Thus The Episcopal Church is literally a lawless church. Those who support it, and those who lead it, do not consider themselves bound by any law when not convenient. In the same way, they do not consider themselves bound by any passage of Scripture which they find inconvenient. The two attitudes go hand in hand, and they are why the Church is where it finds itself today.
The vote at Pittsburgh is announced as I am writing this. For the lay order: out of 191 ballots cast, 119 were "aye", 69 were "nay", and 3 abstained. In the clergy order: there were 160 seated, and 159 ballots cast; ayes were 121, nays were 33, 3 abstained, and 2 ballots were ruled invalid. So the measure to amend the Constitution passed by the required majority in each order: 62% in the lay order, and 76% in the clergy order. The Diocese of Pittsburgh is no longer a diocese of The Episcopal Church. (And---surprise! The Rev. Harold Lewis of Calvary Church showed that he recognized this fact by announcing that he and his delegation were leaving the convention there and then. However, as I say, I expect him to lead those who will claim to be "the diocese of Pittsburgh" without bothering to go through the legalities of creating one.)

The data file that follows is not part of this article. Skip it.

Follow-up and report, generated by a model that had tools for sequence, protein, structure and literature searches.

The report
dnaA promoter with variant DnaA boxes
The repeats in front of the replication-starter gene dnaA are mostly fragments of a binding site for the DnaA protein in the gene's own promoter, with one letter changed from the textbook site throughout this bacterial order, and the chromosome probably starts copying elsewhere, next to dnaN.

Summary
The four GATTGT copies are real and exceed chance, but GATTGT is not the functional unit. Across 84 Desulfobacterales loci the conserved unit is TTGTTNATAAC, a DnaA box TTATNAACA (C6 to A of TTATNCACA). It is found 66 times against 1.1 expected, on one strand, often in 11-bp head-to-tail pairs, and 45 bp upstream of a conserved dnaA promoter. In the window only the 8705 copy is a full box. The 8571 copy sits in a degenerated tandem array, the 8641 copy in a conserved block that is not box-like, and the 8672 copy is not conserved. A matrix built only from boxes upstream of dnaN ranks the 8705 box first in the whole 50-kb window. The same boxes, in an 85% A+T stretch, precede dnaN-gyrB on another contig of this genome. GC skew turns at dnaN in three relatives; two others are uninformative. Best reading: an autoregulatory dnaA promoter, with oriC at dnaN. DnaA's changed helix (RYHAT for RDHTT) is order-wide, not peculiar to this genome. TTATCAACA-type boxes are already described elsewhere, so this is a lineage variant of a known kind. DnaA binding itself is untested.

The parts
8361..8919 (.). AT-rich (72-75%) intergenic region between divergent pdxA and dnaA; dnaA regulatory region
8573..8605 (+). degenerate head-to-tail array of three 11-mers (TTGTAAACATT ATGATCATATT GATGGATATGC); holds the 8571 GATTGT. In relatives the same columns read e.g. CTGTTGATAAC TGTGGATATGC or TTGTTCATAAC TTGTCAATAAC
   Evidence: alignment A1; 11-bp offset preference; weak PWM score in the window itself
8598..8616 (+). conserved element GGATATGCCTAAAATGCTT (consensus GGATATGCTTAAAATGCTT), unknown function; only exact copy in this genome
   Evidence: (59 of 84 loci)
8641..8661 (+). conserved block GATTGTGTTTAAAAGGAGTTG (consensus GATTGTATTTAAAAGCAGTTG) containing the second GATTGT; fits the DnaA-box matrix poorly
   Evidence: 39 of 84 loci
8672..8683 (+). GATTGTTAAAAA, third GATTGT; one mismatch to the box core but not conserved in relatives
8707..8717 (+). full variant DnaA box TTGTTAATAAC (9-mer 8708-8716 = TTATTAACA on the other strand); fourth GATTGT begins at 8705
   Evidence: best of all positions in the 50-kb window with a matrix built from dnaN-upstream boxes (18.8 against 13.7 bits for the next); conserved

Announcement of the vote was followed by an announcement of the Standing Committee, calling a Special Convention of the Diocese for Friday, November 7, for the purpose of 1) electing a diocesan bishop, and 2) admitting new parishes into the diocese. Then came the announcement that the Most Rev. Gregory Venables had appointed the Rt. Rev. Robert Duncan, Bishop of the Province of the Southern Cone, as Episcopal Commissary to the Diocese of Pittsburgh. (Note to Dr. Gundersen, Harold Lewis, Mark Harris and their ilk: Do you see how it gains one respect when one can say that one is following the procedures prescribed by the canons?)
[UPDATE 11:30 a.m.: The declaration of war has been made. Hidden within the Presiding Bishop's statement of superficial appeasement in reaction to the vote are these threatening words: